What's even more puzzling is why MySpace would feature advertising for Superman. MySpace is owned by News Corp., the parent of 20th Century Fox. Superman is a Warner Brothers movie. Why would a company, which also runs a movie studio, put a huge ad for a competitor's movie on the front page of its largest website? Apparently, that crazy Australian that runs News Corp. thinks it's a good idea. I, personally, might put up some ads for one of my company's own movies, like, say, The Devil Wears Prada, which opens on the same day as Superman, and probably needs all the ad help it can get. (I saw the trailer for this the other day, and I believe it was nothing more than the first four minutes of the actual film. That's some lazy editing.)

But, I guess this is why I'm not in charge of a multi-billion dollar corporation. I have some really stooopid ideas.

Tuesday, June 13, 2006

A Bad Omen

The Girl is a big Omen fan. As we've seen it a number of times, I've become a fan as well. Needless to say, it was pretty much preordained that we were going to see the Omen remake. And now, having seen it, maybe we shouldn't have.

As far as remakes go, this one is extremely faithful to the original. The producers, rather than write a new screenplay, just used the original screenplay. (This raises the question of, if you aren't going to try and bring something new or different to a movie, why bother remaking it?) There are scenes, even bits of dialogue, that are exactly the same as the original.

However, something gets lost in translation. This movie just doesn't have the creepy resonance of the original. It's too slickly made, much like every other horror made these days. Even though it's almost the exact same movie, it just isn't the same. (One change I did appreciate was the appearance of '80s Italian horror movie staple John Morghen.)

If you haven't seen the original, you might really enjoy this. If you have, don't bother; you're not going to see anything you haven't already seen.

Monday, June 12, 2006

LT & GP: Ziggy Stardust and the Spiders from Mars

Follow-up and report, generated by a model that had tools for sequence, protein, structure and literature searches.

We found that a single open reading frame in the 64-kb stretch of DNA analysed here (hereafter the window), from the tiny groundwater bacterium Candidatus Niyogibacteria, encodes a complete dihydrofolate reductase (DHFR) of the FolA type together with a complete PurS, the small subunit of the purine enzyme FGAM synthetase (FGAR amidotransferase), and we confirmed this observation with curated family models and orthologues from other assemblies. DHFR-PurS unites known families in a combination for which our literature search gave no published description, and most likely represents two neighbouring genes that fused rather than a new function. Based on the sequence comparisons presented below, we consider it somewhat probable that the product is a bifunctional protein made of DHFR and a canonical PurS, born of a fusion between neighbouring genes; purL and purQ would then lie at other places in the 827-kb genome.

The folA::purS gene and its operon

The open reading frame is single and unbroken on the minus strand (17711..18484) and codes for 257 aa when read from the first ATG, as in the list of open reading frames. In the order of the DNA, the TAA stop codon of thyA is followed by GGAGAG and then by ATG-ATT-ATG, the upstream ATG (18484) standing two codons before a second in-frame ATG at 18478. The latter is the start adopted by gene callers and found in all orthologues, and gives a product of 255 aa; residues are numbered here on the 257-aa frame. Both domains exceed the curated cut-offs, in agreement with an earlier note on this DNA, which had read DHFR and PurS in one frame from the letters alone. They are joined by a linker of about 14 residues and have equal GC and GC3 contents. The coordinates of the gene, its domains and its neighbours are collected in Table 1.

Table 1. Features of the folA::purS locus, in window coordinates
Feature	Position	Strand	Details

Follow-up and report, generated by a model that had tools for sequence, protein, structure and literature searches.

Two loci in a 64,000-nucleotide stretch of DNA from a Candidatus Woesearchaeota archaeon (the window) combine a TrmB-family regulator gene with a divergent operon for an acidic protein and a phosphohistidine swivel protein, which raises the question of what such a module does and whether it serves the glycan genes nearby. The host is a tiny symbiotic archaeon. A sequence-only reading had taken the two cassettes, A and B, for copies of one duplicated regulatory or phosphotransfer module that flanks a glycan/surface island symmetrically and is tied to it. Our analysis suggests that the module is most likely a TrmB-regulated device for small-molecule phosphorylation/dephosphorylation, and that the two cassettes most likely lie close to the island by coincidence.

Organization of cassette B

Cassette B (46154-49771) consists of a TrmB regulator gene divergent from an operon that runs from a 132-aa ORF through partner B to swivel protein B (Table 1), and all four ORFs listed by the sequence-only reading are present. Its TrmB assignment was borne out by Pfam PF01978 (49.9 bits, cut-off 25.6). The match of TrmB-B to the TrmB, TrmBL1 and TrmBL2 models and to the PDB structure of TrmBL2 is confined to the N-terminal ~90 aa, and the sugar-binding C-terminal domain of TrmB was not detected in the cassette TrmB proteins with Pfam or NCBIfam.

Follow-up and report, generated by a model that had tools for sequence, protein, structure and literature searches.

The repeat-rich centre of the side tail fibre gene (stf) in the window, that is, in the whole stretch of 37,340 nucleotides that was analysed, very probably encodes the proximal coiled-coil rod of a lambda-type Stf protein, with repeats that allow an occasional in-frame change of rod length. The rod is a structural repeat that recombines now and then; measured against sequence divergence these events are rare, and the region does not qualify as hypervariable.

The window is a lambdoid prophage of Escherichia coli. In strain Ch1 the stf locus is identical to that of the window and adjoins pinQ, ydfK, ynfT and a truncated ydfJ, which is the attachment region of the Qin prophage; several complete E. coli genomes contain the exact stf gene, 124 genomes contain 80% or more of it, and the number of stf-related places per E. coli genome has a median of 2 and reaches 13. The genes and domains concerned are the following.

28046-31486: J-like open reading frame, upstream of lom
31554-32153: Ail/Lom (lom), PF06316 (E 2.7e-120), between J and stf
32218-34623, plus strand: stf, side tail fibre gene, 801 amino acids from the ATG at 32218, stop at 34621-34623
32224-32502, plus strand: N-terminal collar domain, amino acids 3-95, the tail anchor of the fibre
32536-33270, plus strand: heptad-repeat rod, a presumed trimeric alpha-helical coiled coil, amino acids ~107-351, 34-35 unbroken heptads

When was the last time you remember seeing a concert movie? Not a comedy concert movie (which, surprisingly, still turn up fairly regularly), but a musical concert movie. Possibly never, as I think the last concert movie shown in theatres was The Stones At the Max, and that only showed in IMAX theatres. And it's not as though there's not a lot of great ones out there, like Gimme Shelter, The Last Waltz, and (of course) Woodstock. They just don't get made anymore, and, unless they're fairly famous films (like the ones I listed), you probably haven't seen any. I personally have only seen two: Elvis' Aloha from Hawaii (which has a great soundtrack, even if Elvis kinda yada-yadas his way through "Johnny Be Good") and today's selection: Ziggy Stardust and the Spiders from Mars.

For those not in the know, Ziggy Stardust and the Spiders was the alias for David Bowie and his band. They toured under this name for two records: Ziggy Stardust and Aladdin Sane. The Ziggy Stardust movie is a filming of the last show of that tour, notable as not only being the last show, but the last time that Bowie and the band referred to themselves as Ziggy and the Spiders. (Bowie played with that lineup for two more records, but went back to being David Bowie. That terrible haircut remained, however.) Ten years after that show, Ziggy Stardust came out in theatres.

The film quality is terrible. This may have been taped on a camcorder. Plus, the lighting is almost non-existent. The music, however (the only reason to watch this, really), is great. Even non-fans will enjoy the lineup, which features plenty of Bowie hits. And speaking of hits, Bowie hits some all-time lows for costume choices; they're homosexual without being faggoty. There's even some really boring footage of Bowie sitting around backstage in his underwear, smoking cigarettes. (One such scene features Ringo Starr, of all people.)

All in all, a good watch; check it out.

Friday, June 09, 2006

The "Forrest Gump Of Baseball"

A couple of days ago, the Arizona Diamondbacks released pitched Jason Grimsley. This normally wouldn't be a big deal, as, in 17 seasons, he hasn't amounted to shit and deserves to get cut. Pretty much a non-news story.

Except for the fact that his Arizona home was raided the day before by federal agents carrying out a warrant to search Grimsley's residence for steroids. That is what makes this a big deal.

This all goes back to April, when Grimsley was busted by postal inspectors for receiving a shipment of illegal performance enhancement drugs. During his subsequent questioning by authorities, Grimsley laid out his entire history of steroid use and how he had been receiving shipments of the drugs for some time. More importantly, when asked if he knew anyone else who may be using the drugs, Grimsley named at least a dozen players and persons associated with Major League Baseball whom he knew to have used performance enhancing drugs. He even made recorded phonecalls to some of these people and discussed the drugs with them.

This all happened over a couple of weeks. Shortly thereafter, Grimsley stopped cooperating with authorities. They began working a case up against him, and, on Tuesday, they raided his home in hopes of finding more drugs.